For the past decade or so, the best defense Getty Images could find against the right-click button on your mouse—home of the “copy” and “save” functions—has been a team of scary lawyers. By copying one of its images and using it on your blog, you’re entering a random drawing where the prize is a terrifying letter offering a tutorial in copyright litigation. |
But this week the photography company is embarking on a different strategy: Anyone can now visit its website, grab some embed code, and display an image on blogs or Facebook (FB) pages without paying a licensing fee. As a technological feat, of course, embeddable media is unremarkable. It’s a basic feature on YouTube and Twitter (TWTR) and many other major websites. Yet it marks an unlikely pivot for Getty, which makes its money selling permission to use photos from its vast library of work from more than 150,000 individuals, stock photo agencies, and media organizations. Creating an embedding tool is a tacit acknowledgment that Getty simply can’t police the use of its images to the four corners of the Internet.
Craig Peters, a senior vice president at Getty, is more explicit about the futility of trying to maintain control of its images. Three years ago, Getty acquired PicScout, which makes a technology to crawl the Web and track the images appearing online. PicScout described itself an intellectual-property protection service, but Getty eventually learned a different lesson from the acquisition: The problem of purloined images is too big to solve on a lawsuit-by-lawsuit basis. Peters found that “tens of millions” of Getty photos have been shared without legal licensing. “There are two ways to look at the world,” he says. “People sharing content without a license is an issue—or it’s an opportunity.”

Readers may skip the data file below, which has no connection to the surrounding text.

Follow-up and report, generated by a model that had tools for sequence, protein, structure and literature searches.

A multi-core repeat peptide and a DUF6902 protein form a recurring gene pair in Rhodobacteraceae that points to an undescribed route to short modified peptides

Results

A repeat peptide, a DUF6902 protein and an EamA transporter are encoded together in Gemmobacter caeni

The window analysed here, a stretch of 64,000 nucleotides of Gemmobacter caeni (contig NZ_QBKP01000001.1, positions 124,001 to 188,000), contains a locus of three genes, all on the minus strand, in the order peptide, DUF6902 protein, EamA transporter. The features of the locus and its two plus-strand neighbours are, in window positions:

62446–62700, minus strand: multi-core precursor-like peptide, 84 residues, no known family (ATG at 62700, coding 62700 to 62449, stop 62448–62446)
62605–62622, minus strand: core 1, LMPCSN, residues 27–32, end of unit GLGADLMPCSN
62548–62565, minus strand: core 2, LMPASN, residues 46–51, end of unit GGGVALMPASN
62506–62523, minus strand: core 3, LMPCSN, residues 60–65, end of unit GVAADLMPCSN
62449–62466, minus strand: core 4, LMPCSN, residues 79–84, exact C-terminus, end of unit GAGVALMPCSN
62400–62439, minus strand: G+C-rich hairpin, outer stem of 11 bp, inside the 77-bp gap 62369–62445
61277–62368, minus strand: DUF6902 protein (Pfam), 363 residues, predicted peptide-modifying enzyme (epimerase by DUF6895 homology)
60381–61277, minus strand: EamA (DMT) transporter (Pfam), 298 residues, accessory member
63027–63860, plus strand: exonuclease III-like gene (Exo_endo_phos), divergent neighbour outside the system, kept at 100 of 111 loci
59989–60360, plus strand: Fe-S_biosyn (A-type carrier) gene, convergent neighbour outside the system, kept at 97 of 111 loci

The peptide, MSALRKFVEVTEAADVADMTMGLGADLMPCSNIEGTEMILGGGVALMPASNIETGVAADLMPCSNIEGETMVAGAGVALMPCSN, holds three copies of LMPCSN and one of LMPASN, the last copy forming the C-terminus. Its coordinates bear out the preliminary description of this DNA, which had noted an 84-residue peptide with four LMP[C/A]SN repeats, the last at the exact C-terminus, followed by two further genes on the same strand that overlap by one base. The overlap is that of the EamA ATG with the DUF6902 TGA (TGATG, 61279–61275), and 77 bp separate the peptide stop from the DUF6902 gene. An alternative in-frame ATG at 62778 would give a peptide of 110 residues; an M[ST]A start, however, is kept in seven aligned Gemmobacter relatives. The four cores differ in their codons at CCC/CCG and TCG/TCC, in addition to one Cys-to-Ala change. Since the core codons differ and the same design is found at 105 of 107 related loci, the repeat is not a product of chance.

Looks like a win win for bloggers who want to use Getty Images without paying or getting sued.
There is a catch though:
|The embedding tool is intended only for noncommercial uses. In many cases, Peters says, publishers will prefer to pay for images because they will get more control and won’t have embedded images sending information about their Web traffic back to Getty. Embedded images will not be allowed in contexts that promote products or businesses. “That’s a pretty clear delineation,” Peters says. “We’ll enforce the terms of this license if people start using these images to do that.”|